DredgeWire asked Buttitigieg directly for specific examples of maritime infrastructure bottlenecks which would be ameliorated with the new spending. The Secretary did not have specific examples but rather suggested that new technology would be developed and better communication about best practices would be facilitated which would be helpful.
Baltimore’s Howard Street rail tunnel to be double stacked
Both the Secretary and Governor Hogan emphasized the significance of redoing this 126-year-old bottleneck which affects traffic in and out of the port. Beyond the 6500 construction jobs, the Governor said that the updated tunnel would have an “exponential“ impact on port and regional growth and praised the Port as a “shining example of world class infrastructure.” According to the Governor’s office, funding includes $202.5 million from Maryland, $125 million in a federal Infrastructure For Rebuilding America (INFRA) grant, $113 million from CSX, $22.5 million from Pennsylvania, and $3 million in federal highway funding.
DredgeWire liked the fact that Governor Hogan referred back to his time as chair of the bipartisan National Governors Association where he took the lead in promoting investment in infrastructure as a bipartisan opportunity for productive compromise.
As noted above, the Secretary specifically mentioned the need for more dredging in a post-Panamax world.
The Secretary and Governor and both Senators all mentioned the importance of dredging locally for the Port of Baltimore as well as nationally. Cardin praised the Federal government and Corps of Engineers for their flexibility in proposing new solutions for dredge material disposal sites and for beneficial use such as island and coastal restoration.
The Governor and Director Doyle highlighted that an additional 50-foot-deep berth at Seagirt will be fully operational by the end of 2021 which will allow the Port to accommodate two supersized ships simultaneously. Dredging was completed in April and four Neo-Panamax cranes will arrive in Baltimore early in September. The project is part of a $122 million investment, with $105 million from Ports America, $10.5 million from Maryland, and a $6million grant from the USDOT Better Utilizing Investments to Leverage Development (BUILD) program.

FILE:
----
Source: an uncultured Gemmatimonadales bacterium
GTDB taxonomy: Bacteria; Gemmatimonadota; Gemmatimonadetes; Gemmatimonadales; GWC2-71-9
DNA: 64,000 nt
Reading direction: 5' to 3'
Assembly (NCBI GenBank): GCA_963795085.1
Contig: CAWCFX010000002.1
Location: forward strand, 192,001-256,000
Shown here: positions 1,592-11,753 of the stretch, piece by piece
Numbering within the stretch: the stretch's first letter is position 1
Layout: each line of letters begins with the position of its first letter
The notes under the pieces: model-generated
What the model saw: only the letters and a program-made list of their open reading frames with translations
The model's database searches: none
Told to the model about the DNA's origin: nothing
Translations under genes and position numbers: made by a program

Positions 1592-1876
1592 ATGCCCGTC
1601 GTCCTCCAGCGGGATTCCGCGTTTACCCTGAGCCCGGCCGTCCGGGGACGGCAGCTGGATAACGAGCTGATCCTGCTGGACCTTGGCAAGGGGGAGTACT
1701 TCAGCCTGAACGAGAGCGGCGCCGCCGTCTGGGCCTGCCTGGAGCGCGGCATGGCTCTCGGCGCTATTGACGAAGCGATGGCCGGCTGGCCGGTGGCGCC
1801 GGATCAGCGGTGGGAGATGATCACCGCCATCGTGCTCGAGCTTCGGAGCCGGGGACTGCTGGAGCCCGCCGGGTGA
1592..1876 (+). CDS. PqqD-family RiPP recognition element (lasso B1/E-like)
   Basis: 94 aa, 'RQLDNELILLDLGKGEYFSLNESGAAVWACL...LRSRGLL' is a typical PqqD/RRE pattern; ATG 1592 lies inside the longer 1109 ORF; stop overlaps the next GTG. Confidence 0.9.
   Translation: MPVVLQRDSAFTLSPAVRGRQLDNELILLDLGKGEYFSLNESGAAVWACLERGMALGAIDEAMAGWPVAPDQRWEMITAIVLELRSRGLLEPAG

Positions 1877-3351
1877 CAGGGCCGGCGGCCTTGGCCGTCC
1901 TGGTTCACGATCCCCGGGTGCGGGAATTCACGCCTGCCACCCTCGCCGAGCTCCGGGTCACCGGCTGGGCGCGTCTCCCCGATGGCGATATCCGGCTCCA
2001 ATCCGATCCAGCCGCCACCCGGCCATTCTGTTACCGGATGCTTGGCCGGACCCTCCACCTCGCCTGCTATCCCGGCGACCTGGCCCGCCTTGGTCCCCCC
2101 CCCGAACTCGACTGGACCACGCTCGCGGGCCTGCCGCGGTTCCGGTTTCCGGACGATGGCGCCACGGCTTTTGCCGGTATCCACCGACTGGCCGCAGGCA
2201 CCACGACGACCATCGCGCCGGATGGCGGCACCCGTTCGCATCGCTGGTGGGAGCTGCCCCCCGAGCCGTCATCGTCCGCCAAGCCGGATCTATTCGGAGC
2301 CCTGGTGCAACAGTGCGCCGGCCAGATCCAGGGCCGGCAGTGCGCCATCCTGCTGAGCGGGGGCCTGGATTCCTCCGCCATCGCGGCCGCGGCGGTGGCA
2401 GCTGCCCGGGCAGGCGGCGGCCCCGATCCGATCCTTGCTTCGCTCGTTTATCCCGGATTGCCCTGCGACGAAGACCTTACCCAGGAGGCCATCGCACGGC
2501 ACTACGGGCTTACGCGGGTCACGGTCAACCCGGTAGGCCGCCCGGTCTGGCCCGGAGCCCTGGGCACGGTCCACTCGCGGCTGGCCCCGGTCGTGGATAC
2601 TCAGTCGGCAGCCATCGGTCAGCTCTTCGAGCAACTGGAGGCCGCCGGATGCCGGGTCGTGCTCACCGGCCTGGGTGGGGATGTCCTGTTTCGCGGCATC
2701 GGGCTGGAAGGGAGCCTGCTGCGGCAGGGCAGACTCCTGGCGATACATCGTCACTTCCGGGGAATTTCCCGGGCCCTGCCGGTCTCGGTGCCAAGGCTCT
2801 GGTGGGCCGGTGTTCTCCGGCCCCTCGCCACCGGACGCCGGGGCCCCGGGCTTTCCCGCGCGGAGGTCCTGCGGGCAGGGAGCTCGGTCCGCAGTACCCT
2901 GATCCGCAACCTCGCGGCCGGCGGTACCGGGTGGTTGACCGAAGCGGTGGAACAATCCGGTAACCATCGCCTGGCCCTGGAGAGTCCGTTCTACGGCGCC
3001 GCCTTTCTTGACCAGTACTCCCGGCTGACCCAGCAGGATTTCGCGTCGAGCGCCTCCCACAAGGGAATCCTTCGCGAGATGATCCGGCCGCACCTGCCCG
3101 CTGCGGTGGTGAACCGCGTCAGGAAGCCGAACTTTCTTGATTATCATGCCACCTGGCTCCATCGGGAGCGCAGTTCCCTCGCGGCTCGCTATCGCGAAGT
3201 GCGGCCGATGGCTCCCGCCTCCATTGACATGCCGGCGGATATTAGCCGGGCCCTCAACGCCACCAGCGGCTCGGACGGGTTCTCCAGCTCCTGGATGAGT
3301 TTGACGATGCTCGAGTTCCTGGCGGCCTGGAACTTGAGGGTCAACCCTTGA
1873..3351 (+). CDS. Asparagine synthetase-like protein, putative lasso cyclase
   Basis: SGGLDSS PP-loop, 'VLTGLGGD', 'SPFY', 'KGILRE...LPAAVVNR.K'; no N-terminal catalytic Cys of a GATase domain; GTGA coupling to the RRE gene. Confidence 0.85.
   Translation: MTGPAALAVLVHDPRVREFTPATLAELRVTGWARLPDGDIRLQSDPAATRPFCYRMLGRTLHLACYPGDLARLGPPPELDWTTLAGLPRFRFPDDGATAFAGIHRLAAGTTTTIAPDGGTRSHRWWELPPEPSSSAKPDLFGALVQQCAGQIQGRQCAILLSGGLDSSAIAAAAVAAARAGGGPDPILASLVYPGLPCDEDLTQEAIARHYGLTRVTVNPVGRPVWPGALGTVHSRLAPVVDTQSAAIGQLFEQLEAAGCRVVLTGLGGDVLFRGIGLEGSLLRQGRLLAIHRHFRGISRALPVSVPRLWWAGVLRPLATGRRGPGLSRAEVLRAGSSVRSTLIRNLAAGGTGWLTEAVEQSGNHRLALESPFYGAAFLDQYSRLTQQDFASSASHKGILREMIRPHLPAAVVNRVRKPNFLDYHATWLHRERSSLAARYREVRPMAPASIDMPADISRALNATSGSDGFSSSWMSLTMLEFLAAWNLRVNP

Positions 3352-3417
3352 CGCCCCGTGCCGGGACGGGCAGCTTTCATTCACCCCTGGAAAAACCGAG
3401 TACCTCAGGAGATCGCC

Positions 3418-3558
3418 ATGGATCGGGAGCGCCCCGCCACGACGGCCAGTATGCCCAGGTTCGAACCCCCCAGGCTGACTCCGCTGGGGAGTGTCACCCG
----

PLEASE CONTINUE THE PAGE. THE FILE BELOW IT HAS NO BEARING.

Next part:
Cashman Dredging is currently dredging the federal channel leading into the Port of Baltimore for the U.S. Army Corps of Engineers and beneficially placing the material at the Paul S. Sarbanes Ecosystem Restoration Project at Poplar Island, restoring lost remote island habitat in the Chesapeake Bay. Cashman’s dredge Dale Pyatt, the largest clamshell dredge in the Western Hemisphere, is working on the project said Cashman Dredging’s President and CEO Dale Pyatt.
Pyatt told DredgeWire: “We are proud to be an active player in the Port of Baltimore’s infrastructure development activities through this critical Army Corps project. We stand ready to assist on further future investments.”
DredgeWire understands that the Government estimate for the dredging project was around $20 million.
The Port’s role as a leader in the automobile trade is well known. Director Bill Doyle noted that not only is the Port a leader in “high value exports” like Case and Deere farm equipment, and high end auto imports, but that it also exports over 100,000 used cars, mostly to Africa. Doyle called that the “Drag on, Drag Off” trade, in a pun on RO/RO!